This story was widely covered in the international media, including ITPro, Softpedia, Neue Zürcher Zeitung, Tech2. France24pointed out that usernames similar to TrueHOOHA, Snowden's username on sites like ArsTechnica, came under suspicion by Wales and others following an investigation into his other online activities. However, as of now, it has not been verified whether or not Snowden edited, nor under what name, had he edited. France24 noted that the outing policy is a "golden rule" of Wikipedia and reported Fram's criticism of the search for Snowden's username, as did Der Spiegel (Germany) and Der Standard (Austria). Both of these latter articles later had statements by Wales added to them. According to Der Spiegel, Wales told them it was the community that had asked questions about Snowden's activities on Wikipedia, while he himself had warned against an outing – a statement that seems hard to reconcile with the discussions that took place on his talk page and at the administrators' noticeboard. The article in Der Standard was updated after an an exchange of views on Twitter between Wales and Florian Hirzinger.
Doc Rivers' Wikipedia page hacked after news of Clippers trade: Larry Brown Sports reported on vandalism to Doc Rivers after the former Boston Celtics coach was traded to the Los Angeles Clippers, and declared the Clippers fans the "winners" of the vandalism back-and-forth.
Wikipedia caught in German heat wave: Der Spiegelnoted that the recent heat wave in Germany had led to unusually high page views for the German article on air conditioning. The entry for banana peel, too, had experienced record page views of nearly 38,000 in a single day. The reason, it turned out, was that the German Wikipedia main page had hosted a DYK noting that more than 20 million tonnes of banana peel were generated each year, which could be used to clean waste water and treat arteriosclerosis. The Spiegel article also reviewed recent stories on the Wikipedia Live Monitor and the apparent relationship between Wikipedia traffic statistics and such economic variables as stock market developments, or box office takings of cinema releases.
Treat Wikipedia with respect: The Holmes Report, a website for PR professionals, featured a write-up of an interview with Jimmy Wales conducted at the Cannes Lions International Festival of Creativity, the world's largest advertising festival. In the interview, Wales asked PR professionals to treat Wikipedia "with respect". He told the Holmes Report that "reputable, honest PR firms find it very easy to use Wikipedia. The issue comes when unethical, or more often, stupid people think that the right thing to do is to create a fake ID, argue with people in an unfair way and that just ends up embarrassing the client. You wouldn't hack into the New York Times ' computers to change a story – you'd call them up to complain about something that's wrong. We'd ask to be treated with the same level of respect." Wales dismissed complaints from PR people that correcting errors in Wikipedia often turned out to be a laborious process: "It's very fast, it's very easy, I don't buy that argument at all. Obviously a PR firm has an interest in presenting their client in the best possible light, and we're certainly happy to run corrections or add perspective if they've published a response. But if you have unrealistic expectations that you can somehow go on Wikipedia and make something disappear that's a legitimate controversy, then of course you're going to be disappointed in the end." He urged PR professionals to be transparent about who they were, and said he could only think of rare cases where Wikipedians had "dropped the ball" and failed to respond adequately.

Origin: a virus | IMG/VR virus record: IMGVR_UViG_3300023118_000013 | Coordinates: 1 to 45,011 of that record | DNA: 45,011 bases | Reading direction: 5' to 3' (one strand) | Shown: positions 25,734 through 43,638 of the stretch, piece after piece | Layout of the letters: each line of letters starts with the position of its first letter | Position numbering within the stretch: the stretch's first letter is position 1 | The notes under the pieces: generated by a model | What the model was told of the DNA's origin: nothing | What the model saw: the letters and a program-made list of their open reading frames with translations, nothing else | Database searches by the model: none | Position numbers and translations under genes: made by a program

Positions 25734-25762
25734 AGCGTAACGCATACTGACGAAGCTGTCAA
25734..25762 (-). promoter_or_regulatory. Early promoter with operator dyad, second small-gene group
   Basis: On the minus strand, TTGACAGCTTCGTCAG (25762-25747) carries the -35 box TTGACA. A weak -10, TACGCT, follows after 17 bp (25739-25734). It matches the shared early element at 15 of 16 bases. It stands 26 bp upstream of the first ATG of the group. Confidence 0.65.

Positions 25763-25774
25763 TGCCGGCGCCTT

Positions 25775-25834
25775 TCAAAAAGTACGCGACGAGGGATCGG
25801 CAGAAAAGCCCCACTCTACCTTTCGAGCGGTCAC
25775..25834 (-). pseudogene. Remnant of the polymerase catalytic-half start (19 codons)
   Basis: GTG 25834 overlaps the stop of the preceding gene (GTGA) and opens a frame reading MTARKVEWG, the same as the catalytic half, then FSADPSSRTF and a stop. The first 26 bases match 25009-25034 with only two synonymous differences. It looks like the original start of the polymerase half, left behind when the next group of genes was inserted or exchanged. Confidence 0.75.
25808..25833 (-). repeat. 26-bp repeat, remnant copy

UK primary school teachers use Wikipedia to prepare themselves for RE lessons: An article in the Telegraph reported that according to a recent study, "[p]rimary school teachers know so little about religion that more than two thirds are now relying on websites like Wikipedia to plan their RE lessons." Parentdish.co.uk also covered the story.
Just edit it: Lexology.com, a web service for company law departments and law firms, posted an overview of how best to deal with "unfair, inaccurate, misleading or defamatory statements" in Wikipedia. Written by staff members of Heenan Blaikie, the article gave an overview of Wikipedia's policies and internal mechanisms and recommended a "self-help" approach: "Just edit it. Wikipedia is a 'wiki' which means that anyone can edit an unprotected page. Unlike most other sites with user-generated content (for example, online message boards), persons other than the poster or a site administrator can alter or remove existing content. The quickest and best solution when someone is posting unfair statements on an article will often be to just change it back and monitor the article. Such an edit can be justified if, say, the article contained an un-sourced personal attack, or if the cited source does not support the information. However, simple editing will not necessarily stop a determined user from re-posting defamatory content, nor will it necessarily be effective when the line between truth and fiction is not black and white. Wikipedia has internal mechanisms for dealing with these sorts of issues." The article advised against pursuing legal action, owing to the "cost of finding out who the proper defendants are".
¿Sabías que hay robots que escriben en la Wikipedia? [Did you know that robots write on Wikipedia?]: ABC Tecnología reported on the Swedish Wikipedia controversy over Lsjbot, a bot that writes articles. Sv.wikipedia recently reached the milestone of 1 million articles with the help of bots; this has generated debate over the value and quality of these articles (see Signpost coverage: "Swedish Wikipedia's millionth article leads to protests").
Alternativas a Wikipedia [Alternatives to Wikipedia]: Bitelia published an article on Spanish-language Wikipedia alternatives, including Wikilengua, Vikidia, Frikipedia, Encyclopedia Espasa, Kalipedia, Archiplanet, Wikitravel, and Ballotpedia.
La page Wikipedia en anglais d’el-Assir piratée [The English Wikipedia page on el-Assir hacked]: L’Orient-Le Jour reported on vandalism to Ahmed al-Assir.